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School Psychologists in Short Supply as Youth Mental Health Concerns Increase

Escasez de psicólogos escolares frente al aumento de los problemas de salud mental de los jóvenes

$5 Million Grant Expected to Increase Colorado’s Pipeline

University of Northern Colorado alumnus Marko Corona, Ed.S. ‘22, considers his job as a school psychologist as one that opens the door to opportunities for children. Every day at Irish Elementary School in Fort Collins, his job is to meet with two to 15 students who may have something hindering their ability to access their education — and begin investigating.  

“We’ll evaluate academic progress as well as any other confounding factors which may be contributing to a student’s academic challenges,” Corona said. “Usually it starts with a teacher who comes up to me and says they’re concerned about their student if they notice a difference in their demeanor or their behavior, so that’s when I’ll check in on the student and see if there was a life event that happened that they aren’t sure how to cope with or whatever challenges they are facing.” 

While discovering the issue and working to solve it can be difficult at times, Corona said there’s a bigger overarching problem in the industry – there needs to be more people who can open the same door he does, i.e. more school psychologists working in Colorado schools.  

The National Association of School Psychologists recommends a ratio of one school psychologist to every 500 students. During the 2021-22 school year, Colorado’s ratio was 1-to-942, nearly double the recommendation. 

“Right now, we’re seeing an increase in the number of students that have some significant social and emotional needs, which means our service time directly to students as school psychologists has also increased,” said Tammy Branan, assistant director of special education for the Greeley-Evans School District 6.  

Branan hires school psychologists and interns for the district, so she sees first-hand the need for more people to choose the profession. There are still open positions in the district that haven’t been filled, which not only affects the students but also their teachers. 

“The consultation we provide as school psychologists to teachers is so important, and the bigger the need, the more that consultation time is not as robust as you would like it to be because we’re trying to cover multiple different schools or multiple assignments. It can lead to burnout,” Branan said.  

Branan’s colleague and Greeley-Evans School District 6 Director of Special Education Tom Gribble says the need for school psychologists is unique. Unlike the national need for teachers in general, those who graduate with a degree in psychology have more than just one job option to pursue.  

“School psychology skills can transfer,” Gribble said. “If you pursue teaching, the main job is a classroom teacher, but if you pursue psychology, you can go into departments of human services, become a therapist or become a school psychologist. So, we’re not just competing with other school districts when it comes to hiring a school psychologist, we’re also competing with private practices.”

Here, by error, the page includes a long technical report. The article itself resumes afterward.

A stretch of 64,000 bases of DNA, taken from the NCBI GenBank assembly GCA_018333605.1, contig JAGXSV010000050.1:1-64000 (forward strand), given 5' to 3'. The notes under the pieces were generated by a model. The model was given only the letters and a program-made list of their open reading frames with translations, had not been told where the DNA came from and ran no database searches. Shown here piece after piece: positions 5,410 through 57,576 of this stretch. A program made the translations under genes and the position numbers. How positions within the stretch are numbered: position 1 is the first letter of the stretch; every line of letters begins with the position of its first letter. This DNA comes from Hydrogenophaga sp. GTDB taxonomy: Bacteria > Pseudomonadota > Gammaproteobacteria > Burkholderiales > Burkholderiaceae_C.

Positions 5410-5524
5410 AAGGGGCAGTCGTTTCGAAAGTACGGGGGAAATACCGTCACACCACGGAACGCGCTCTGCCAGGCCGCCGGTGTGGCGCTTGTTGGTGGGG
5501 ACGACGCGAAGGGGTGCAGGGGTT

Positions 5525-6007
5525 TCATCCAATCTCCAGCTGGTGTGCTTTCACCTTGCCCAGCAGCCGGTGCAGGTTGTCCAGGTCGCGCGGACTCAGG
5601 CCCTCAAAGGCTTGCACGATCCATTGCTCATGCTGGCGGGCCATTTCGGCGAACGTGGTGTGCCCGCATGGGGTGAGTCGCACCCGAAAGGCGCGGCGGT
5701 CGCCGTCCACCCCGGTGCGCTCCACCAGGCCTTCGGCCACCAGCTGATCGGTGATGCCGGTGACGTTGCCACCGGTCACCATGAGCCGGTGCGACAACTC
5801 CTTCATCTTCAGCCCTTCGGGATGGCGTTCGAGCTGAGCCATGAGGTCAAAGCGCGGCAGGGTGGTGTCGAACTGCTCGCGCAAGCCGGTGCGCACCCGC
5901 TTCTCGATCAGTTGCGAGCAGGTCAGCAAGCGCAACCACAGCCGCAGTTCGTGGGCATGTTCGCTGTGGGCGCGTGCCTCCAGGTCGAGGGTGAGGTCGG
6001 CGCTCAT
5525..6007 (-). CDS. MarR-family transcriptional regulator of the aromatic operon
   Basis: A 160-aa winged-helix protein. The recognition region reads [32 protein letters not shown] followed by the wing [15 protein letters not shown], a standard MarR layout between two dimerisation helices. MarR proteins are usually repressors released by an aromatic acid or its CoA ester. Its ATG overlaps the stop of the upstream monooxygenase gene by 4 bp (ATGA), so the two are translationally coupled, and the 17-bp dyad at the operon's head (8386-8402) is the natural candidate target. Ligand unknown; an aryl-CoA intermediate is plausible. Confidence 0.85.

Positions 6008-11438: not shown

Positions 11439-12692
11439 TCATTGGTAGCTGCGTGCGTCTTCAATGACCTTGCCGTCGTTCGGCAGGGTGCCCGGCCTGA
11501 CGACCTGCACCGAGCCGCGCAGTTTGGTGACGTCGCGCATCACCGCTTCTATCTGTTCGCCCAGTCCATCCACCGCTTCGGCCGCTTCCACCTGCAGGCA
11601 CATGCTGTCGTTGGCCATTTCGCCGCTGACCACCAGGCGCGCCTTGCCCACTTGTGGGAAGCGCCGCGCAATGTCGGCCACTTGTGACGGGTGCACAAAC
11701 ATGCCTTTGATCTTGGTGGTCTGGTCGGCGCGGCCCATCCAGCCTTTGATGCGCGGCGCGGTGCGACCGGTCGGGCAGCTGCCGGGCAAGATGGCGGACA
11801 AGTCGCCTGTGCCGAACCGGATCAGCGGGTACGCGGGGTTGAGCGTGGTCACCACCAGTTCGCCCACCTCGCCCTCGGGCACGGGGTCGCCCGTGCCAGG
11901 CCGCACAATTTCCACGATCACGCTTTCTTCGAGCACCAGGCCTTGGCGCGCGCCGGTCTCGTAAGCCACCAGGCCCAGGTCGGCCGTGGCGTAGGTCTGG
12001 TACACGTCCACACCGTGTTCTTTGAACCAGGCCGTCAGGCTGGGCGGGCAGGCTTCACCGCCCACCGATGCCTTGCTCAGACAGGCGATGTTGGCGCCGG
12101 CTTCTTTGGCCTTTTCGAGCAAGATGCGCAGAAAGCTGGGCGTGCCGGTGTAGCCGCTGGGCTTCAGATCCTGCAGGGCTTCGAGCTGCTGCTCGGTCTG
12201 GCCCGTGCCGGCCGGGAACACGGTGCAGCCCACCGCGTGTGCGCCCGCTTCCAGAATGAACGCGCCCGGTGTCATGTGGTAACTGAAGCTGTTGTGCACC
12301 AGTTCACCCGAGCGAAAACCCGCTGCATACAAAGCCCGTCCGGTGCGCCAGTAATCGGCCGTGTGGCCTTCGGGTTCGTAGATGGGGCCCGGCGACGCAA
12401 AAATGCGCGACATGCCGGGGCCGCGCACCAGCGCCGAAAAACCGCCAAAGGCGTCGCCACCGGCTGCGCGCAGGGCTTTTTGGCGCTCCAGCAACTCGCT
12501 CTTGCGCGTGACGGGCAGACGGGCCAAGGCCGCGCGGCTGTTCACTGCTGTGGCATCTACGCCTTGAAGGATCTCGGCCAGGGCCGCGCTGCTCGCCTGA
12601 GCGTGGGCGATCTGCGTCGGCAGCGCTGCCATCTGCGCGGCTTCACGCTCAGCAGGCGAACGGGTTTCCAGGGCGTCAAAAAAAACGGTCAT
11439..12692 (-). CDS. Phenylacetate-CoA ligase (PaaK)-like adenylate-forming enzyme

To combat the shortages, Gribble says it’s essential to find creative ways to bring awareness of the profession to college students and have them graduate with the intent of becoming a school psychologist.  

“Two school psychologists that I work with right now are technically retired but have continued to work with us because the positions are hard to fill. But they’re not going to stay forever and when you look down the line, there’s no one to replace them.” 

–Megan Wolf, school psychologist

“We need to look at incentives or reduce some of the financial burden and create partnerships,” Gribble said. “We not only need to enhance the pipeline but also how might we be able to recruit and to retain the existing staff.” 

$5 Million Grant to Increase Pipeline

Two faculty members from UNC’s College of Education and Behavioral Sciences had the same idea as Gribble. They are actively working to prepare more future school psychologists who will be able to provide mental health services across northern Colorado. School of Psychology Professor David Hulac, Ph.D., and Assistant Professor Jacqueline R. Anderson, Ph.D., applied for and received more than $5 million from two U.S. Department of Education grants to create new stipends for students to join the School Psychology Graduate Training program. 

“These grants are recognition that there is an issue,” Hulac said. “Teen suicide risk, depression and anxiety rates are at a high, to the point that Children’s Hospital Colorado has declared youth mental health a crisis. So, we need to help and support mental health and the only way to do that is to get more school psychologists into classrooms.” 

The grant program will last five years and will train graduate students to become experts in providing evidence-based, trauma-informed and culturally affirming mental health services in Colorado schools. Those interested will have two-thirds of their tuition covered as long as they’re interested in working in one of three settings for three years; Greeley-Evans District 6, a Spanish-speaking community or in a rural community. 

“We’re filling in the widest gaps first and addressing the need for more Spanish-speaking school psychologists and ones that are willing to work in smaller communities,” Hulac said. “So, this is an exciting program for students with a passion for psychology to take advantage of affordable education and it’s exciting for future preschool through 12th grade students who need additional mental health support.” 

The School Psychology Graduate Training program with the added stipends is available for eight students and takes three years to complete with 72 required credits. Graduates receive an Educational Specialist degree in School Psychology.